Surprisingly, San Francisco's least-hilarious neighborhood is the home to a good number of impressive comedy shows. Here's serious -- and funny -- reasons for you to venture out to the Tenderloin almost any night of the week for quality entertainment.SF Comedy Cellar at 222 Hyde 222 Hyde Street (at Turk) "We are a small, seemingly nondescript dive bar in the Tenderloin, but when you walk in, there is a very cozy feeling to the place," says Katie Marrah, the bar's manager. The venue's intimate back room begs to be filled with raw comedy -- the low ceiling, brick wall, and a slightly-elevated stage feel like they've been torn out of 1980's New York. Along with Strange Bros. Productions, resident comics Sergio Barajas and Lyall Behrens pack the house with a showcase each Saturday, and Tuesday and Thursday open mics are rapidly making this one of the best alt rooms in the city. "I want to leave people impressed every time they come to a show," says Barajas. The next show is April 14th at 8 p.m. and will feature local all-stars Stroy Moyd, Josef Anolin, Shanti Charan, and Rudy O. A-list Comedy Showcase at Our Little Theater 287 Ellis Street (at Taylor) The trademark of Our Little Theater is the flair with which its shows are conducted by the multi-talented performer and producer Sia Amma. Guests enter the tiny square room, packed to the gills with just thirty chairs, to be greeted by Amma, perched in a barber's chair in the corner. The energetic and buxom Liberian immigrant is almost too much for the room to contain, especially once she climbs onto the tiny stage to host, riff with the international audience, and share stories of her African childhood. Her charm and spark carries her act, rife with some long-winded bits an inconsistent hosting that might otherwise turn off an audience. The Theater's "a-list comedy showcase" runs every Wednesday, Friday, and Saturday at 8 and 10 p.m. The proceeds support Amma's non-profit organization Global Women Intact, which uses performance to raise awareness of the beauty and complexity of African cultures. The Deco Lounge Presents: Funny Mondays with Victor Torres 510 Larkin Street (at Turk) The small, dark room opposite the barroom in this Tenderloin joint is typically split between comics and non-comics, the former filtering in and out to hit other open mics in the city. New faces are acknowledged with gratitude, as the performers are happy to see fledgling comedy fans. "I try to support the newer comedians and give them a feeling of what it's like to play on a real [comedy club] stage," says the show's producer and local comic Victor Torres-Bowser. The open mic begins at 7 p.m. every Monday and runs for two hours through eager, green comics. It's a perfect comedy club training ground for any would-be comedy fans who aren't ready to fork over the twenty dollars for a club show. "I try to treat everyone like professionals and expect the comics to treat the show the same way," says Torres. Comics can sign up for a spot by emailing in advance: firstname.lastname@example.org. You can keep up with Funny Mondays on Twitter and Facebook. The Nerd Show & Babes of Comedy at 50 Mason Social House 50 Mason Street (at Turk) 50 Mason Social House is home to The Nerd Show and The Babes of Comedy, which run back-to-back each month. Don't let the names fool you: The nerds aren't incomprehensibly nerdy, and the babes are put on stage for their comic -- rather than sexual -- prowess. Local comedian Bert DiVietri began producing the shows over a year ago with his comedy hip hop group Death Ray Astray. He avoids the politics that plague San Francisco comedy, booking based on talent rather than draw, connections, or favors, and ensures a quality show. "Because we all get a long, there's no ego factor," DiVietri explains, "[Comics] are there to have fun, not to prove themselves." Catch The Nerd Show Part 26 this Saturday, April 7th, at 7 p.m., and The Babes of Comedy at 8:30 p.m. Both shows are free.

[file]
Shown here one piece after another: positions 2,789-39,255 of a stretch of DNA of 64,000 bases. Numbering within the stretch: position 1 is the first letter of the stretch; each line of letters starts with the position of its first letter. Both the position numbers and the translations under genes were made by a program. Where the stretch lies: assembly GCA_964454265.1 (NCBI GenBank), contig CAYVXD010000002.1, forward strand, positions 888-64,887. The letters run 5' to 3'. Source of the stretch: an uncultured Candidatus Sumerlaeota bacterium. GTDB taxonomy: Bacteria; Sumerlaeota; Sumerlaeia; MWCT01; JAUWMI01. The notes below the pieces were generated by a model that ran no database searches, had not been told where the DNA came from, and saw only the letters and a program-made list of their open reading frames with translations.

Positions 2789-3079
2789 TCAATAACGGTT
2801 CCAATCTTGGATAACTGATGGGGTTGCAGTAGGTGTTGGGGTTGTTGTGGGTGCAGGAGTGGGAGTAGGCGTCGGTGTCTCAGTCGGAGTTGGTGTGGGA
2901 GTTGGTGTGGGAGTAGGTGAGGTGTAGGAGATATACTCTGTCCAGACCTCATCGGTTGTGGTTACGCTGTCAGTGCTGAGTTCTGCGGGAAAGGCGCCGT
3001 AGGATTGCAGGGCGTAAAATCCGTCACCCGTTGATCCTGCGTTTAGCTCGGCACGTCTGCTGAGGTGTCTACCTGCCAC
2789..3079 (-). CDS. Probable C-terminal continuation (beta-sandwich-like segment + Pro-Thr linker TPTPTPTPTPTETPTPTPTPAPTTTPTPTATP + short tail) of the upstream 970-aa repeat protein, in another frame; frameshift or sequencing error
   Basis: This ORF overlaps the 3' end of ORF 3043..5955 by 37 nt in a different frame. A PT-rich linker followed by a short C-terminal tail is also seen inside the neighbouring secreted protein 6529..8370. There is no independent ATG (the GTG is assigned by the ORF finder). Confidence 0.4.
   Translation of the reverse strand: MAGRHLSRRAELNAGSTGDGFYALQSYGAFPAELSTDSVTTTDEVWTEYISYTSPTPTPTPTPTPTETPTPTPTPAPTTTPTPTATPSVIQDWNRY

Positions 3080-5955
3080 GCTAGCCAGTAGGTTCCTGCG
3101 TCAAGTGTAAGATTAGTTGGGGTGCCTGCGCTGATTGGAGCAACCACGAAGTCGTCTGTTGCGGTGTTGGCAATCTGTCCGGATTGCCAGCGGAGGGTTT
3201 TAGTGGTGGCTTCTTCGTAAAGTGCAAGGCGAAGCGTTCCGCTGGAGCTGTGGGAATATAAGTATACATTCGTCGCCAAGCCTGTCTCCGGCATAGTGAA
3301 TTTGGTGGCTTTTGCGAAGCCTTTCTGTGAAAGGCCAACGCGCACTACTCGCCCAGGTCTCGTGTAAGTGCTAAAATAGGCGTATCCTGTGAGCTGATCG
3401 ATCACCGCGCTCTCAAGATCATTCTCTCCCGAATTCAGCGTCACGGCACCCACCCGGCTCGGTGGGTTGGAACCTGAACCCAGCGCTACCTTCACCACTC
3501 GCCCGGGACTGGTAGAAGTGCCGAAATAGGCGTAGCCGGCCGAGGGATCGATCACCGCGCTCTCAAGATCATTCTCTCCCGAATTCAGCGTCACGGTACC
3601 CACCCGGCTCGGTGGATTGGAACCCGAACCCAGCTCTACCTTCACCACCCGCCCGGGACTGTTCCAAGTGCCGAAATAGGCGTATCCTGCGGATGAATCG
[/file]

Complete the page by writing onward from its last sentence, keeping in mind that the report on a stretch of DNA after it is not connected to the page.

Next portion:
Awkward Silence is a weekly column focusing on San Francisco stand-up comedy.